Maurice Williamson's sudden drive to facilitate competition in the telecommunications market continued yesterday with the announcement that he would cut red tape - and save money - for some companies.
"We've decided to repeal regulations requiring companies providing certain international telecommunications services to be registered with the Ministry of Commerce at a cost of $10,000 a year," said Williamson.
"They were introduced in 1989 to reduce the risk of international monopoly companies taking advantage of the open New Zealand market, to the detriment of New Zealand consumers. This was because an overseas monopoly company may only accept incoming calls from the highest bidder among New Zealand companies, which would inflate the price to consumers.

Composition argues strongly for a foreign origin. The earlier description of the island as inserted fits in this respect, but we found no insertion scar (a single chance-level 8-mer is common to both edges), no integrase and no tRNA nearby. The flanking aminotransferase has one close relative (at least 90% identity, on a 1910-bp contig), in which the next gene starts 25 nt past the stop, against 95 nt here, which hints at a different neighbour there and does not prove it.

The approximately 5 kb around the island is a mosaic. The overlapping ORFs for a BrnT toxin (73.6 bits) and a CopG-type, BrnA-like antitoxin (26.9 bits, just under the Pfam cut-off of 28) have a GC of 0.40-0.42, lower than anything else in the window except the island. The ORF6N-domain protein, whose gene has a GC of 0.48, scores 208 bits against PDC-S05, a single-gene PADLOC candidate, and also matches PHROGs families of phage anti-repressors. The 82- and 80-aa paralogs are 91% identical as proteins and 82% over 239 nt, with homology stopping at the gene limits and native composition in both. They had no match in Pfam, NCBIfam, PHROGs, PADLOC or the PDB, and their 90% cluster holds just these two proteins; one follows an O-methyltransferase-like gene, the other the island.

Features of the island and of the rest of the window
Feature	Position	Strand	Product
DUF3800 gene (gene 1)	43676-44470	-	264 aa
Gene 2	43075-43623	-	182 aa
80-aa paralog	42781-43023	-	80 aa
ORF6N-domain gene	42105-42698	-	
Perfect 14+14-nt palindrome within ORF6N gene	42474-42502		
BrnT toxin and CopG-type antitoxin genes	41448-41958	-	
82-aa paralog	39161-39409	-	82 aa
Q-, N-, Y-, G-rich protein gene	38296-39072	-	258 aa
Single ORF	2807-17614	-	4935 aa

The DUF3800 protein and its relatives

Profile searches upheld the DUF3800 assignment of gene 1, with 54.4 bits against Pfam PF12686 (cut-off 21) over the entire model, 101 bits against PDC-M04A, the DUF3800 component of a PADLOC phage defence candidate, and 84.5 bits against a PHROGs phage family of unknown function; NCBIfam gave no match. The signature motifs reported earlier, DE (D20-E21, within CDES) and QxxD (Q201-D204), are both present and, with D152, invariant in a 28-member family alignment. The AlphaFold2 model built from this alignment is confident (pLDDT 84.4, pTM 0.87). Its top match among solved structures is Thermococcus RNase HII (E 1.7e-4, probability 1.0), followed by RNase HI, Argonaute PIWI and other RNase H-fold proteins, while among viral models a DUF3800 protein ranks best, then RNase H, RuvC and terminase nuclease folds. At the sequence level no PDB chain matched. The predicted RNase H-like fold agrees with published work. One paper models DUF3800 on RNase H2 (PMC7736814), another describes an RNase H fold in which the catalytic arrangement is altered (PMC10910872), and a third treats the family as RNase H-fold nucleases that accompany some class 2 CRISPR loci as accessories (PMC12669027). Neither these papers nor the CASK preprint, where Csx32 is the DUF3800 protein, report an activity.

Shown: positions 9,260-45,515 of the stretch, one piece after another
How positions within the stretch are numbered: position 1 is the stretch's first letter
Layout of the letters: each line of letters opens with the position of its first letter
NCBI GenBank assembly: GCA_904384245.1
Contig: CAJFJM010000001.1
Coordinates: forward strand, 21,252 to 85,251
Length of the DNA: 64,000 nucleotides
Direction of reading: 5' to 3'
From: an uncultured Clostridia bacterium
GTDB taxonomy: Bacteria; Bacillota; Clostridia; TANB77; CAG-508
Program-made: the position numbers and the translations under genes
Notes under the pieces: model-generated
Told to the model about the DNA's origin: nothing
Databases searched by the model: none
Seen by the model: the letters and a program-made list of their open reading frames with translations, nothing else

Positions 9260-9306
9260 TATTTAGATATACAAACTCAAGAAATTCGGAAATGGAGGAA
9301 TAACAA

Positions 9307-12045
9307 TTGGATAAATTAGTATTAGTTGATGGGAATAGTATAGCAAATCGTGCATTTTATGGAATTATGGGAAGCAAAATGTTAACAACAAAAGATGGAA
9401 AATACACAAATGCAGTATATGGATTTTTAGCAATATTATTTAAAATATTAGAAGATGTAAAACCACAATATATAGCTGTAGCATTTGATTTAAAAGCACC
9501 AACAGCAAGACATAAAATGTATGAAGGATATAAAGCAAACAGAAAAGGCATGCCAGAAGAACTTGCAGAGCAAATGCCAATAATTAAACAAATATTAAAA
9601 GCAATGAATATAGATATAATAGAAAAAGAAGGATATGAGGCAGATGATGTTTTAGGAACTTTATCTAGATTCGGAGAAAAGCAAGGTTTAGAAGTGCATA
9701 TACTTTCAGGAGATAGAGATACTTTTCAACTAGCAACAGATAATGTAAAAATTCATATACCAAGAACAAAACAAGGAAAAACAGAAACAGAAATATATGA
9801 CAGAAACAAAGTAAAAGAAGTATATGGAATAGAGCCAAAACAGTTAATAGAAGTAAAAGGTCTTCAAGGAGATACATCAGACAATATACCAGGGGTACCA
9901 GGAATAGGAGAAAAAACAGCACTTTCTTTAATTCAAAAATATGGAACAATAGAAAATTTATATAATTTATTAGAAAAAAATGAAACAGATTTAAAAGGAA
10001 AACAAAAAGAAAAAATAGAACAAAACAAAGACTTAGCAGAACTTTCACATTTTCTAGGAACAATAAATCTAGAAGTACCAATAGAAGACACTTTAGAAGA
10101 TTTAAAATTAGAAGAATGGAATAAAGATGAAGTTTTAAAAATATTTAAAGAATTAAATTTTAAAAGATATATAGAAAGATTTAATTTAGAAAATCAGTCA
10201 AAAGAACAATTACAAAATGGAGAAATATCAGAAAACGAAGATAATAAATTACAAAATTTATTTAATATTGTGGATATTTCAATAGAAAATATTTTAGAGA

"But now with the liberalisation of Australian, North American and European markets as well as the thriving competition in this country, the regulations are no longer needed."
Williamson said this competition had significantly reduced the cost of New Zealanders making international toll calls in recent years and repealing the regulations would reduce the red tape and added costs on telecommunications companies.
"Although the chances of overseas monopoly suppliers being able to harm New Zealand users is now extremely remote, the Government will retain the regulation making power under the Telecommunications Act, in the unlikely event it is needed in the future," said Williamson.
The regulations will be repealed when the necessary amendment to the Telecommunications Act 1987 has been passed. Until this has been completed, operators must continue to register, but the $10,000 re-registration fee will be removed from July 1 1999.